HSCN… a healthy opportunity for the channel

Michael Bowyer, Director at Innopsis, the industry association for suppliers that provide network services to public sector bodies, says there is a huge opportunity for the channel via the Health and Social Care Network (HCSN). Innopsis represents large organisations right through to SMEs, resellers and micro businesses.

HSCN, which replaces N3 in March 2017, differs from its predecessor in delivering a disaggregated supply and service model that enables all suppliers, regardless of size, to compete for public sector healthcare and social care business. As such, HSCN offers smaller, local and regional resellers the opportunity to compete on a level playing field. HSCN also demonstrates best practice in collaboration between NHS Digital and industry…something that we hope and expect to see a lot more of in public sector procurement in the coming years.

Innopsis represented industry when it came to creating the Obligations Framework for HSCN and is advising its members on standards, compliance, opportunity and approach to market. Reflecting the latest technological advancements in the supplier market, we set out to improve upon N3, which saw BT deliver one of the largest private networks to the NHS in the UK, but also to be attractive to all organisations connected with healthcare. HSCN now offers resellers, regardless of size, a viable route to market that extends beyond the NHS into the social care arena.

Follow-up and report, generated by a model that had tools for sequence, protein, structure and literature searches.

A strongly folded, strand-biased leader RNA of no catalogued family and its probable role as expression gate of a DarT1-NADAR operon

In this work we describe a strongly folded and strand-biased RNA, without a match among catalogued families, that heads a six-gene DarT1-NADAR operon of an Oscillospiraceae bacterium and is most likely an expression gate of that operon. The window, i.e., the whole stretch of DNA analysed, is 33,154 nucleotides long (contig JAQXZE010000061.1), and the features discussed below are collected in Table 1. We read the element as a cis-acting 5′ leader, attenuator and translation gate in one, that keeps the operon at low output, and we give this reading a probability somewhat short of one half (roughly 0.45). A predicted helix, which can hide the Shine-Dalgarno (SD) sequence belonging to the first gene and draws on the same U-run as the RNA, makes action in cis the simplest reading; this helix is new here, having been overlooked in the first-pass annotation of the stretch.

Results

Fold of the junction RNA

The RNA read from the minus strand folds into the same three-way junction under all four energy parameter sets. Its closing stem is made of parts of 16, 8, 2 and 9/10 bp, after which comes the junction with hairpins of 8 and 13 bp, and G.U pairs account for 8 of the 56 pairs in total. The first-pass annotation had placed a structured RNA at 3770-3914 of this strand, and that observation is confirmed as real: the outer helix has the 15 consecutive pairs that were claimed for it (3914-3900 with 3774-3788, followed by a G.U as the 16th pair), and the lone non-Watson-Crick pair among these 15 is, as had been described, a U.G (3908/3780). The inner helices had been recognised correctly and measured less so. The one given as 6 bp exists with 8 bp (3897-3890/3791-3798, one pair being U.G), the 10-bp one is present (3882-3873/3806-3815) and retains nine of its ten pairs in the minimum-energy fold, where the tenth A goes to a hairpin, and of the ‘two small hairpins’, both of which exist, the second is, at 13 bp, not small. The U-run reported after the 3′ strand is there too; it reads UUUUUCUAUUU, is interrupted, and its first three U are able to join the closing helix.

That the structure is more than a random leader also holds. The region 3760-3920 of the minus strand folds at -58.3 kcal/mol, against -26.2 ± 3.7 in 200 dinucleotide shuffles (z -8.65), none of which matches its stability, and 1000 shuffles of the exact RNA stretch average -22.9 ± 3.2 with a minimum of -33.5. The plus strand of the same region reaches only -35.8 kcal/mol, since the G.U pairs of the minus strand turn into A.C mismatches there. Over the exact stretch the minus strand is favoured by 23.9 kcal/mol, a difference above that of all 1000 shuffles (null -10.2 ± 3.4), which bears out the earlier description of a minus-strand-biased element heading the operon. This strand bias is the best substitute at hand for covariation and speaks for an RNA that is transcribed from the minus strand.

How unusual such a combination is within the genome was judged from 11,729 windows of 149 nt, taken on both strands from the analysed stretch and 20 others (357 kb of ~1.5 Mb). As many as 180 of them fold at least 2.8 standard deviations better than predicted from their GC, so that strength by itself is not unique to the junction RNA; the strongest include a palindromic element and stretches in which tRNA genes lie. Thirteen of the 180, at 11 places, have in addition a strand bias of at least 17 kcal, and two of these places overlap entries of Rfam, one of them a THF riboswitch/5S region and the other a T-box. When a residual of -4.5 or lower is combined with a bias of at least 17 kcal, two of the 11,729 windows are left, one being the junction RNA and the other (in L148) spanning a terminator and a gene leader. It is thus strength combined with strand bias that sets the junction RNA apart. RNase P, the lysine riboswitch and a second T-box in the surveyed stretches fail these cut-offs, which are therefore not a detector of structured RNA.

Delivering 38,000 connections as a minimum, HSCN is a very attractive prospect for any reseller that is keen to deliver services to public sector, regardless of previous experience in this sector.

Despite increasing budget constraints, healthcare providers, from GP clinics to social services, continue to strive for improved integration and consistency of service across the health and social care continuum. The major benefit of HSCN is that buyers are no longer restricted to dealing with only the larger vendors or resellers but are instead able to select from any compliant supplier to ensure that the solution meets their specific needs, improves the quality of service and delivers value for money.

HSCN differs from other government frameworks such as G-Cloud in that it is not a framework that suppliers need to bid for. Suppliers simply need to abide by the service and obligations standards. Services can then be procured through a number of routes or frameworks such as RM1045 or any local procurement activity. There are currently around ten suppliers working towards HSCN compliance and we expect that number to rise to around fifty, although the model is unlimited and therefore presents one of the biggest opportunities for the channel we’ve seen in recent years.

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David Dungay

Editor - Comms Business Magazine